Making Room for Political Diversity in the Workplace

At the end of every election season, it’s ever more clear: we live in a time of political divisiveness in our general culture.

When we are at work, how do we listen to and speak with each other about potentially polarizing topics, where our political affiliations tap into our sometimes very different personal beliefs?

The workplace isn’t center stage for political discussions. However, as in all places where we spend time with others, the workplace functions best when it’s able to accommodate a diversity of beliefs.

Here are some key ways to allow for political diversity at work, and how to keep political discussions from damaging your workplace culture:

  • Create cultures of political diversity, not political division.

    The more we fear our political divisions, the more we nourish a culture of fear. If a political discussion breaks out at a meeting, and tension enters the room, receive the tension. Try not shutting the conversation down, but framing it: “I see that Jane believes X. I see that Sam believes Y. We need to move away from this at the moment, but let’s remember that we respect and allow for political diversity here.” When managers frame difficult conversations this way, it shows others how to frame them.

  • Model accountability.

    Part of accountability is acknowledging that our behavior creates experiences for others. Accountability is first a reflective internal process (“How did I handle that moment?) and then a receptive external communication skill (“Hey, I think I handled that moment wrong. How could I have framed it better?”) The more you put your own accountability into the work environment, the more your workplace will be able to accommodate a diversity of political opinions in a respectful way.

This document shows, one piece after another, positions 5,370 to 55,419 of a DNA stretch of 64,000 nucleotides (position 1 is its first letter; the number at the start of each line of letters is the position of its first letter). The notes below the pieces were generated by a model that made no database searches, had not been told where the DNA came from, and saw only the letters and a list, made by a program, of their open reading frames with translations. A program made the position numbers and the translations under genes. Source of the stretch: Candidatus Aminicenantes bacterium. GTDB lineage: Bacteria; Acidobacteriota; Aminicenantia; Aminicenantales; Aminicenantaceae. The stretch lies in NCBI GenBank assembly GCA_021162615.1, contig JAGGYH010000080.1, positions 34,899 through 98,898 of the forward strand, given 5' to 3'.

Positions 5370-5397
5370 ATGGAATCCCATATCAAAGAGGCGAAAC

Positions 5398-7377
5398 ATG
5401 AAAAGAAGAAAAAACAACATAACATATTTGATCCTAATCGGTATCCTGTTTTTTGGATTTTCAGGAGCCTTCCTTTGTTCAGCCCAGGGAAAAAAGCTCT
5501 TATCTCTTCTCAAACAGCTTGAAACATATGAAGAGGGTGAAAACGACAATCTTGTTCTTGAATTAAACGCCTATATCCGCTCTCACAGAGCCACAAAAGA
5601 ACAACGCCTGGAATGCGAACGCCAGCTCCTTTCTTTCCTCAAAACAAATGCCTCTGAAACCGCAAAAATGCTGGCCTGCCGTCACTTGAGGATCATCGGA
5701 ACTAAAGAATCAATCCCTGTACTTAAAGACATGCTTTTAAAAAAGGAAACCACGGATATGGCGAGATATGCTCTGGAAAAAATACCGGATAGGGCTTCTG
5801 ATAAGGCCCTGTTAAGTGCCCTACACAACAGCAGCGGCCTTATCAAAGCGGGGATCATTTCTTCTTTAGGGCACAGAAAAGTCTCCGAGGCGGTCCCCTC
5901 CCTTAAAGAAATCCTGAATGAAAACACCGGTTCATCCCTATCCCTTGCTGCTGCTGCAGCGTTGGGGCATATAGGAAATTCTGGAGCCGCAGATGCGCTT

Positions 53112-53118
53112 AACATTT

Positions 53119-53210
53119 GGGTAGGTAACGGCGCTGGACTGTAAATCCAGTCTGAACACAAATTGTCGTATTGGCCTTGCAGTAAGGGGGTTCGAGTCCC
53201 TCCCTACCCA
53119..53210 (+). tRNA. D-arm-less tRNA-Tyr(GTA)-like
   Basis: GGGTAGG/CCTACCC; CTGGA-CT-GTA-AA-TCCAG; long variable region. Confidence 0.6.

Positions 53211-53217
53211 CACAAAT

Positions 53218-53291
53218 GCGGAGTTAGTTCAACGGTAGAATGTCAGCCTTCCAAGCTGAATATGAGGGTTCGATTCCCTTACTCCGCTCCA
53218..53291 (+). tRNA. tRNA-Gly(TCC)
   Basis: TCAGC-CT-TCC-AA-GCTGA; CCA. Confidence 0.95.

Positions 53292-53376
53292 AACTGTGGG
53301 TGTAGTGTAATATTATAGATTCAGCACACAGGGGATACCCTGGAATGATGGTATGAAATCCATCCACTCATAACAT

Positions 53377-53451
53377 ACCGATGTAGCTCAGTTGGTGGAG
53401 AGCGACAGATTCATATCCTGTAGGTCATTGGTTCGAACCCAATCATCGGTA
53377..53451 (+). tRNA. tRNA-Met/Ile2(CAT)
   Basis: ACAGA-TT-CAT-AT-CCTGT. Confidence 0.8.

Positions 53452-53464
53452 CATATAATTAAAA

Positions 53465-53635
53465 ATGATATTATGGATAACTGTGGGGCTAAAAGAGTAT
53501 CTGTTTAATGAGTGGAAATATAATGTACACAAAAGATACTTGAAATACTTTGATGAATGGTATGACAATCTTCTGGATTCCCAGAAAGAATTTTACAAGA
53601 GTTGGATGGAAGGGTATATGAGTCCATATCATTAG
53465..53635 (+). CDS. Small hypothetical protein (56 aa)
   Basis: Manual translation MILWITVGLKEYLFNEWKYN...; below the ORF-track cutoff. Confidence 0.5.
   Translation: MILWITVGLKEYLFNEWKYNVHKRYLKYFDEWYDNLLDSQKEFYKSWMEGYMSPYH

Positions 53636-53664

• Being professional means being a real person.

    Everyone wants to be seen and heard, no matter what kind of workplace you have — hybrid, remote, or in-person. Being “professional” doesn’t mean closing off what’s important to you, personally, from your teams. Model and create a culture of sharing who you are in appropriate, contained moments. Differences, including political ones, will come to light: recognize these differences, but don’t give them the spotlight.

  • Align your common goals and your organization’s Cultural Beliefs.

    The key is to keep your people aligned on the reason why you are working together: to achieve the organizational purpose, drive toward targeted results, and model your organization’s Cultural Beliefs. Political beliefs or a discussion of them should never overtake your workplace culture and its purpose. But differences held by people, and practicing recognizing those differences, needs to be given a place. This practice can, in turn, strengthen a workplace culture.

Part of any work culture is learning how to navigate the complex issues of our larger world within the workplace ecosystem. Healthy cultures embrace complexity. Cultures that aim to suppress all expression of political differences, or can’t support a diversity of political perspectives, tend to defer and amplify actual conflict, instead of productively addressing it. And avoiding complex issues altogether is just that: avoidant.

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